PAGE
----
5. I’m on blogger, and I’ve customized it a bit. It’s a bit easier for those of us who know how to code a website and make it bend at our own will – and for free. The platform is pretty stable. I’ve never had an issue. My problem is not the platform but the way people customize what is available. I’ve been on websites where the background image is loud, and the color theme they’ve selected is equally distracting, and the header image is something crazy that my eyes literally begin to hurt from trying to read a single line. I don’t know… maybe my eyes are getting weaker as I grow older… :-/


    Tanya Miranda – Writer, Dreamer, Intergalactic Superhero

  6. spunkonastick says:

    A lot of websites have room to build a blog within the site, but as you said, it does turn out a bit odd sometimes, especially if the comment area is something new.

    I’ve been with Blogger for over 11 years now. Never bothered with a domain for it, but I already own several other domains for my other sites, and that’s enough.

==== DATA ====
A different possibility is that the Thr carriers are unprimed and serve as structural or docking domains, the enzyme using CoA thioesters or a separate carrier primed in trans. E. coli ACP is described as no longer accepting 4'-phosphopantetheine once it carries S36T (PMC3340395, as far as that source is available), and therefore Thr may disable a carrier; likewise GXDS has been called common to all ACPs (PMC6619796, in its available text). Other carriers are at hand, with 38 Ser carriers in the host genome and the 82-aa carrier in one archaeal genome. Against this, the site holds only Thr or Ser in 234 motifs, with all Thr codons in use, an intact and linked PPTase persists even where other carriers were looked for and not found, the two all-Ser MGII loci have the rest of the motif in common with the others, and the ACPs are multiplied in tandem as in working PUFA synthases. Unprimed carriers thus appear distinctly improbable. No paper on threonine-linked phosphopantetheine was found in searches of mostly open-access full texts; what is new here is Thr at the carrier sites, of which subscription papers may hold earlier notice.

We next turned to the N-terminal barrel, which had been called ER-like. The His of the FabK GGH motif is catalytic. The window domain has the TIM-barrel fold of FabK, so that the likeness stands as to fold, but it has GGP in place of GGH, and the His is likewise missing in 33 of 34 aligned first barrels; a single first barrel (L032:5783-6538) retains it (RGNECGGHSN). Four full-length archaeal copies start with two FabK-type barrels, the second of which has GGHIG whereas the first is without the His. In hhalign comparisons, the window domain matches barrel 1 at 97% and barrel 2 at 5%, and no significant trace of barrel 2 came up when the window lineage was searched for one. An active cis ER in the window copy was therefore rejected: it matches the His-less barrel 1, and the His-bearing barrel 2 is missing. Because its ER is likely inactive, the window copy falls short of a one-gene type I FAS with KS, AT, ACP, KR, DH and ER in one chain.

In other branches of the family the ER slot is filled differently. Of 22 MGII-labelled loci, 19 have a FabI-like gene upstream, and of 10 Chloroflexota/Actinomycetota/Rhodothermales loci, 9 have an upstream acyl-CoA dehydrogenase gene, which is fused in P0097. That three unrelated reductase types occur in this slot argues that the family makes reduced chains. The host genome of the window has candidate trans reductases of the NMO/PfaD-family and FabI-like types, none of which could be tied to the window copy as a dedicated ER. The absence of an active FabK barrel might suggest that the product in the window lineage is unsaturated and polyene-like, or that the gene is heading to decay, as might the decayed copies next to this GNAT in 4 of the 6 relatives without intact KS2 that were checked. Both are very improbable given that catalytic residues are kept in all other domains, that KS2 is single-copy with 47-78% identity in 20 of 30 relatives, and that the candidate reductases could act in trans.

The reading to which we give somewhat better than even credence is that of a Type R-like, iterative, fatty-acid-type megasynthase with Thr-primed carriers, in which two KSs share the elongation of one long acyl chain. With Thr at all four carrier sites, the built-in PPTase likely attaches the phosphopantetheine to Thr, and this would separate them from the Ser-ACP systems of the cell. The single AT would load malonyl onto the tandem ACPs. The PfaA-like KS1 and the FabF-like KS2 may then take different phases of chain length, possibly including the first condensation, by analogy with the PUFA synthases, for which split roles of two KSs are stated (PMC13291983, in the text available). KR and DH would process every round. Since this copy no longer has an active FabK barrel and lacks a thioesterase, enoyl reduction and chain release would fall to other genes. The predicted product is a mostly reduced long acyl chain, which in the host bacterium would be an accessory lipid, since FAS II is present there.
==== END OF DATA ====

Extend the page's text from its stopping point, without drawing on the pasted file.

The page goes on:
7. dolorah says:

    I suppose they all have their own quirks. You can buy standard/stock anything these days, lol. I started on blogger, and stick with it because I’m used to it, even with all the other options (such as word press) out there. Besides, websites are too static, even if they do have areas for a visitor to comment on a post, the site usually isn’t visited or updated often. I like how interactive blogs are.

  8. Hi, Olga! I was pushing into blogging by a friend. He used Blogger, so I used Blogger. I like Blogger because I’m familiar with it, and it has worked well for me. I’ve become somewhat familiar with WordPress by visiting blogs of people who use it. I’m not changing to anything else, because I’m sure I wouldn’t get into all kinds of problems! LOL So much about technology is confounding to me!